If you’re like me, every year you sign up for your health insurance plan through your employer and ever year you do little to check what that insurance actually covers. The only exception to this rule is when you change plans (usually because you changed employers) and then you might compare and contract, but otherwise it’s on autopilot. You probably do that because health insurance is boring, complicated, and your insurance will probably protect you. Therein lies what I enjoy the most about Fred Brock’s book, Health Care on Less Than You Think : it’s simplicity, conversational style, and an ease to read. So what is the book about? It covers basically every aspect of health insurance that you could possible imagine, including health savings accounts, saving on prescription drug medications, and even goes through the fine print of your insurance plan – all with an eye at saving you money and having it cost as little as possible.
One of the scariest parts about this book was when I jumped to the fine print chapter, Chapter 7: Mastering Your Insurer’s Fine Print, where it begins with Brock detailing an anecdote by Richard Price, a retired equity portfolio manager in Miami Beach, Florida, where Price had found, after reading his explanation of benefits (EOB – the mailing you get from your insurer after you have service performed detailing the costs, what was covered, what wasn’t) found that he was being underpaid by his insurance company by $10,000 over the last two years. I usually give my EOBs a cursory glance (very very cursory) but as your medical expenses increase, it’s critically important for you to review a lot of these documents because $10,000 is serious money – especially if you’re on a fixed income retirement. Unfortunately, as a savvy consumer, we need to stay on top of the insurance companies (and any company really) even though it should be unnecessary. In this particular anecdote, it was sloppiness and carelessness on the part of Aetna that led to these errors – not fraud but you never know.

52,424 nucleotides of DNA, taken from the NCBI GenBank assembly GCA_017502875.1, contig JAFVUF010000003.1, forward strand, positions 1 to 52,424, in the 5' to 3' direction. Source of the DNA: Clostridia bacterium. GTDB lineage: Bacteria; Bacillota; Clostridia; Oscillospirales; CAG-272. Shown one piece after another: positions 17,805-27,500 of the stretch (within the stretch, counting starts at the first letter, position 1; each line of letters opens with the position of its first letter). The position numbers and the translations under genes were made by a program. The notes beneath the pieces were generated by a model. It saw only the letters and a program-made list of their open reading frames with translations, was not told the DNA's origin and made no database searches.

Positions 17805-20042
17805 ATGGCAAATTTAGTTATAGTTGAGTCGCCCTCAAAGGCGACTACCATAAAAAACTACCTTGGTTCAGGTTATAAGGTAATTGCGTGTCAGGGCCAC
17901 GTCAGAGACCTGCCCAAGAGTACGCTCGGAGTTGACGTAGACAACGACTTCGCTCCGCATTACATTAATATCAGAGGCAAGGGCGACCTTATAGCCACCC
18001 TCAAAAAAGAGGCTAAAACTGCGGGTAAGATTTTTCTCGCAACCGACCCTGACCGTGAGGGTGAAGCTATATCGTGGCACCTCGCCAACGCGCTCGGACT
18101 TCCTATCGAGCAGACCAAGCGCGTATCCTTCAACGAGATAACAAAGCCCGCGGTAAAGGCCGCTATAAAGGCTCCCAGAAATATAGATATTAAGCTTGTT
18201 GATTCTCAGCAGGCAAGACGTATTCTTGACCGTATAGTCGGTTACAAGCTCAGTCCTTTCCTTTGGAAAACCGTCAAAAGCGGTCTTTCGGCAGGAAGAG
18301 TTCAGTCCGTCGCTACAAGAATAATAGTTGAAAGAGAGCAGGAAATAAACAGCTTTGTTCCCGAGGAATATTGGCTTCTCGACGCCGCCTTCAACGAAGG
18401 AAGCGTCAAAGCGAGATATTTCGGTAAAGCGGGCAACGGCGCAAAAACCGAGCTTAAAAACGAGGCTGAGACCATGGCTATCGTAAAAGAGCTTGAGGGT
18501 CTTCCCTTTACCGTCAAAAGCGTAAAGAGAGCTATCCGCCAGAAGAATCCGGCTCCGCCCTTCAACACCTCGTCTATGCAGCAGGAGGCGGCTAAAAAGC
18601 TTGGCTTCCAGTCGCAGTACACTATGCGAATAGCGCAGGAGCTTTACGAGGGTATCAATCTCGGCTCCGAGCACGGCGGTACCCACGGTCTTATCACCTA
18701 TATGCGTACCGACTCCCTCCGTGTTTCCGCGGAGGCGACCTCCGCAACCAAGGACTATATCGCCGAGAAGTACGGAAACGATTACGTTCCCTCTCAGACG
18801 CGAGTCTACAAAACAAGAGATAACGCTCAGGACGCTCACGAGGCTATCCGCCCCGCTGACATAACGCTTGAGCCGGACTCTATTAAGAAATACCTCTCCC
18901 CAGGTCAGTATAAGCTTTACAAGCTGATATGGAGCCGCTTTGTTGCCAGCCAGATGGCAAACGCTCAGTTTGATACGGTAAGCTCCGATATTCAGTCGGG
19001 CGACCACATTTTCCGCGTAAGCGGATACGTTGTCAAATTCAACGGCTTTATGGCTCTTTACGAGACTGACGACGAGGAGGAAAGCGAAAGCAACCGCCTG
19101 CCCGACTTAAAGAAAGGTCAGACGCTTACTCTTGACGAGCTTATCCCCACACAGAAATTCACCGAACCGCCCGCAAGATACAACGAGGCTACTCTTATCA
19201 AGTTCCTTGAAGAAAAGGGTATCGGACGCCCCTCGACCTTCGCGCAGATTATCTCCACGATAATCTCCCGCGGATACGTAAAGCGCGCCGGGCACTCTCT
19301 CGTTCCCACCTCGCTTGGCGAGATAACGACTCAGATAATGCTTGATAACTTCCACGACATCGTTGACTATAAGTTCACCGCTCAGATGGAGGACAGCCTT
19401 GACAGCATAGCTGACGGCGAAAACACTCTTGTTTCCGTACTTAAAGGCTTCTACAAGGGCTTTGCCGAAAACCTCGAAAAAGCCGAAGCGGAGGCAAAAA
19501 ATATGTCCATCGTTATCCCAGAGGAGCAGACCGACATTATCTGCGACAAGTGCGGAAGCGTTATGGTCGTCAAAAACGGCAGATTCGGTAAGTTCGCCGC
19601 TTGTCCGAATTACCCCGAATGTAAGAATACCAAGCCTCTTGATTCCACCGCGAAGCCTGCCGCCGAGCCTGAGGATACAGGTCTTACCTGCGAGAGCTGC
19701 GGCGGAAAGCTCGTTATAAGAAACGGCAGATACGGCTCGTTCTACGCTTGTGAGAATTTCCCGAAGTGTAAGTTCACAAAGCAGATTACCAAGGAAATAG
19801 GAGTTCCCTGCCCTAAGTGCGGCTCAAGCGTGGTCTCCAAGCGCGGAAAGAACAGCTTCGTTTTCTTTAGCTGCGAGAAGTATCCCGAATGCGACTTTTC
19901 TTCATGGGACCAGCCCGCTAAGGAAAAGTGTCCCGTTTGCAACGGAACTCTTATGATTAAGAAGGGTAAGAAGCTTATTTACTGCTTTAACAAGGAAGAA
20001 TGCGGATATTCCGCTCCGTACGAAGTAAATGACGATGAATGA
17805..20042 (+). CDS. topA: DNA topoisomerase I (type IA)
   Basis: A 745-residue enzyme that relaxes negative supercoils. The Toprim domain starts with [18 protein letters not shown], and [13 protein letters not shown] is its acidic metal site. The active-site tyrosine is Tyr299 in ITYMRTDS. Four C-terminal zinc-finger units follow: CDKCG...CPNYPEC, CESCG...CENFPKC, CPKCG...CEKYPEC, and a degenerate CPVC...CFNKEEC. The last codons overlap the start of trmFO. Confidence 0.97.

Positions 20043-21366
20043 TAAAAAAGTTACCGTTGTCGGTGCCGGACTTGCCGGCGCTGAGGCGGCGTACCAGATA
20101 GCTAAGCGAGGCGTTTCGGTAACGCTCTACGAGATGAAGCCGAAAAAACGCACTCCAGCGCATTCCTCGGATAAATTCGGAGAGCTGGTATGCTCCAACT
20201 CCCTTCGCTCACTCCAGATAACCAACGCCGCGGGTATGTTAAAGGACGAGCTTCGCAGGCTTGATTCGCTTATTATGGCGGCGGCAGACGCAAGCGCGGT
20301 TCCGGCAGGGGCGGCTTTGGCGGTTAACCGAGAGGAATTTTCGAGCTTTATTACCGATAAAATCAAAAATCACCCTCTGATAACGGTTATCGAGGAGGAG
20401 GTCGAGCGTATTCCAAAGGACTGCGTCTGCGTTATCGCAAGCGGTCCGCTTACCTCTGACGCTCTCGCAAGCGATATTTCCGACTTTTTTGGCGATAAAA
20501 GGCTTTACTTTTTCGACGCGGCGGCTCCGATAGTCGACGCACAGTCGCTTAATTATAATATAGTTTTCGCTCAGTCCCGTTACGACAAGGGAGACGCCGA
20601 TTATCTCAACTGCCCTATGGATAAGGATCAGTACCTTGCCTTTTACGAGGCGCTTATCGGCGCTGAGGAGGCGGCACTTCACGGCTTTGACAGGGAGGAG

Lastly, while not immediately applicable to me, one chapter that I know is probably of great value is the one on finding insurance once you’re off or out of the a job (Off The Job is the title, it’s chapter three) because finding independent insurance is very difficult and very expensive. When my fiancée left her job at in New Jersey and moved down to Maryland, she floated on COBRA insurance  for a little while (luckily never having to activate it) and then she sought out independent insurance for a few months after that. If I had this book back then, I would’ve known that after COBRA comes HIPAA – Health Insurance Portability and Accountability Act of 1996. While expensive, HIPAA gives former employees the ability to get insurance regardless of preexisting conditions and no waiting periods. That bit of information alone is probably worth the $15 list price (only $10 from Amazon )of the book (or some late fees from the library).
After reading this book, I think I’m going to try to find Brock’s other two books and give them a look – Retire on Less Than You Think  and Live Well on Less Than You Think . You can really tell that this guy “wrote for the masses,” in that nothing is overly verbose and chunky. If you don’t know your health insurance (especially the fine print and the little tricks of their trade) and need some help, I’d recommend giving this book a quick read.